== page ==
We can see that effect by zooming far into the drawing and changing the values in the CASE to be used for buffer distances for major roads and for minor roads to 100 and 20.



The expression in the above illustration is:


GeomBuffer([Geom], CASE [CLASS]

  WHEN 'Major Road' THEN 100

  WHEN 'Minor Road' THEN 20

  ELSE 0.05 END, 0)


Right away as we change the values Manifold will change the preview of the result in the drawing.     If we zoom far in to where such smaller buffer distances are visible we see that the buffer areas on the major roads really are bigger than the buffer areas drawn around the lines for the minor roads.



No matter what we write in the Expression pane the results we see in the drawing are only a preview.  As we change the expression the preview dynamically changes.



The expression in the above illustration is:


GeomBuffer([Geom], CASE [CLASS]

  WHEN 'Major Road' THEN 3000

  WHEN 'Minor Road' THEN 5

  ELSE 0.05 END, 0)


For example, we can make the buffers on the major roads, at 3000 meters, very much larger than those on the minor roads, at 5 meters.



Or, if we like we can make the buffers on the minor roads, at 2000 meters, larger than the buffers on the major roads, at 500 meters.



The expression in the above illustration is:


GeomBuffer([Geom], CASE [CLASS]

  WHEN 'Major Road' THEN 500

  WHEN 'Minor Road' THEN 2000

  ELSE 0.05 END, 0)


Right away, as we change the expression the preview of the result in the drawing window will change.



At any time we can commit changes to the drawing by pressing the Update Field button.  Or, if we prefer we can write the new objects to a new component, that is, just the buffer areas, which are created by the expression.


To do so we change the Update Field action in the pull-down menu to Add Component.



We can then click on Add Component.



Two new components, a new table and a drawing for that table, will be created in the Project pane.



We can drag and drop the Roads Table Transform Drawing into the map to see the new drawing in context.  We can see that the buffers which are created by the expression have been saved into the new table and new drawing that were created by the Add Component button.



Note that using the Add Component button does not change anything in the original data.   It simply writes the new objects which are created by the expression into a new table and then creates a new drawing to visualize that table's geometry.



We can Style the newly created drawing of buffers, to use transparent fill color for the buffer areas, so only the area borders appear.  We can color those in yellow and green to show minor and major roads.  In the illustrations above we have turned off the original Roads layer, to better see only the new layer that we have added.


Automatically Creating a Query

At any time we can see the SQL that the Expression tab uses to work its magic.  


We first reset the action button back to Update Field.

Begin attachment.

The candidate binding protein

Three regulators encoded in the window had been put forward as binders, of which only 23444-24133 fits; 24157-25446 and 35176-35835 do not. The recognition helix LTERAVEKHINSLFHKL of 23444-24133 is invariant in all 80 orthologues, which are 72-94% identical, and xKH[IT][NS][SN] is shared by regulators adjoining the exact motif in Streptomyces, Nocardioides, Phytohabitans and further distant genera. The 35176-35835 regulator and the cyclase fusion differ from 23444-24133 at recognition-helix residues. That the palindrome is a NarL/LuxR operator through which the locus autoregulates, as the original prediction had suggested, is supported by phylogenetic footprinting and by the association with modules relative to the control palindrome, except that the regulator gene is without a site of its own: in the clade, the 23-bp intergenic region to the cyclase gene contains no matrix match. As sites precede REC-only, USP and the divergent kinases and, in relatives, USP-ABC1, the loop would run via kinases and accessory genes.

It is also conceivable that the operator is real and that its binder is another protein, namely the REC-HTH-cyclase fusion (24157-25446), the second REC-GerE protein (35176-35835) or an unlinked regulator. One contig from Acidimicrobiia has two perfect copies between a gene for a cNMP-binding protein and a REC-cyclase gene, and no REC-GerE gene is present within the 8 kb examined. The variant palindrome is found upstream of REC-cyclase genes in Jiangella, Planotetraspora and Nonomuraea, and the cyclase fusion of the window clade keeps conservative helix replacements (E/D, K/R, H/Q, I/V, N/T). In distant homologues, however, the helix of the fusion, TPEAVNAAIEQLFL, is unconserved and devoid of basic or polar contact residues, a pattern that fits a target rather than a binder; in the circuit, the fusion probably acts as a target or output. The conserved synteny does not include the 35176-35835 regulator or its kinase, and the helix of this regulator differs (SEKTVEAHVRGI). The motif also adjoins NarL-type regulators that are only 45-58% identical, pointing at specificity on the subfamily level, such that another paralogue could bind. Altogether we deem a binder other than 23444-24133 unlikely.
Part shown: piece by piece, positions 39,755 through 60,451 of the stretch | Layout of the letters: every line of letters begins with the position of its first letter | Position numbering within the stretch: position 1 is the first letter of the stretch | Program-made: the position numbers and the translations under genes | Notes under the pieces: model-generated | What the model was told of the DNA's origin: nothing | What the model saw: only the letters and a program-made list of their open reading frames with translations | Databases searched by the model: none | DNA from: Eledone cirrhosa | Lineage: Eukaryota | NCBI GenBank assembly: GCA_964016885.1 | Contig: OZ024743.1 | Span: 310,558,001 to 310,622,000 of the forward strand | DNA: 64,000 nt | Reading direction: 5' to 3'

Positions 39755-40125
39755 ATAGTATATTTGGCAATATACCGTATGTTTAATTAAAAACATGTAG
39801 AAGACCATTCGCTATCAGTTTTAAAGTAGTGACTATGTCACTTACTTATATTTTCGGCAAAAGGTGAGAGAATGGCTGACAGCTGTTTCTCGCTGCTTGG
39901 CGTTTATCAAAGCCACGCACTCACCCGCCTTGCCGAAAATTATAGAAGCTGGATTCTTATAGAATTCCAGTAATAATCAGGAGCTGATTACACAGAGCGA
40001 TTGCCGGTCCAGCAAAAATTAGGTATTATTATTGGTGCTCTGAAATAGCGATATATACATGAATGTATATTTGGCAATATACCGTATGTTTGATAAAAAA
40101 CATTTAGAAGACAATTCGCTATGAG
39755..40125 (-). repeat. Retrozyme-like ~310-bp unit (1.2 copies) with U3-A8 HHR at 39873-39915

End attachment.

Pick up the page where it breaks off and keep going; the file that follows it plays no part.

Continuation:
If we click the Edit Query button a Command Window will open up that is loaded with the query that the Expression tab is executing.



We can use this capability to save the query for later use, to edit the query in a more sophisticated way than is convenient in the Expression tab or simply to learn more about how SQL can be used.  In the query above the PRAGMA sets up the progress bar, which given the speed of queries is unlikely to appear at all unless the data set is very large.  The THREADS statement parallelizes the query, telling the query engine to use as many threads as there are CPU cores available.


If we would like to save the query in the Command Window as a query component, we choose Edit - Save as Query.


Objects that are created as a result of Transform operations will whenever possible inherit the data content of the fields for that record.   If we create buffers on lines the alteration when we choose Upgrade Field is to the contents of the geom field.   Other fields for that record remain unchanged.


See Also



Select Pane


Transform Pane


Command Window




Example: Transform Field Values using an Expression in the Transform Pane - How the Expressions tab of the Transform pane may be used to change the values of fields.  


Example: Edit a Drawing with Transform Templates - In this example we open a drawing and edit objects in the drawing using Transform pane templates.  Includes examples of using the Add Component button and also the Edit Query button.


Example: Clip Areas with a Transform Expression - Use the Expression tab of the Transform pane to clip areas in a drawing to fit within horizontal bounds.   Includes examples of using the Add Component button and also the Edit Query button.


Example: Smooth Lines with a Transform Expression - Use the Expression tab of the Transform pane to make lines smoother in a drawing so that longer lines are smoothed more.  Includes examples of using the Edit Query button to show how different queries are created automatically depending on if we want to update a field or to add a new component.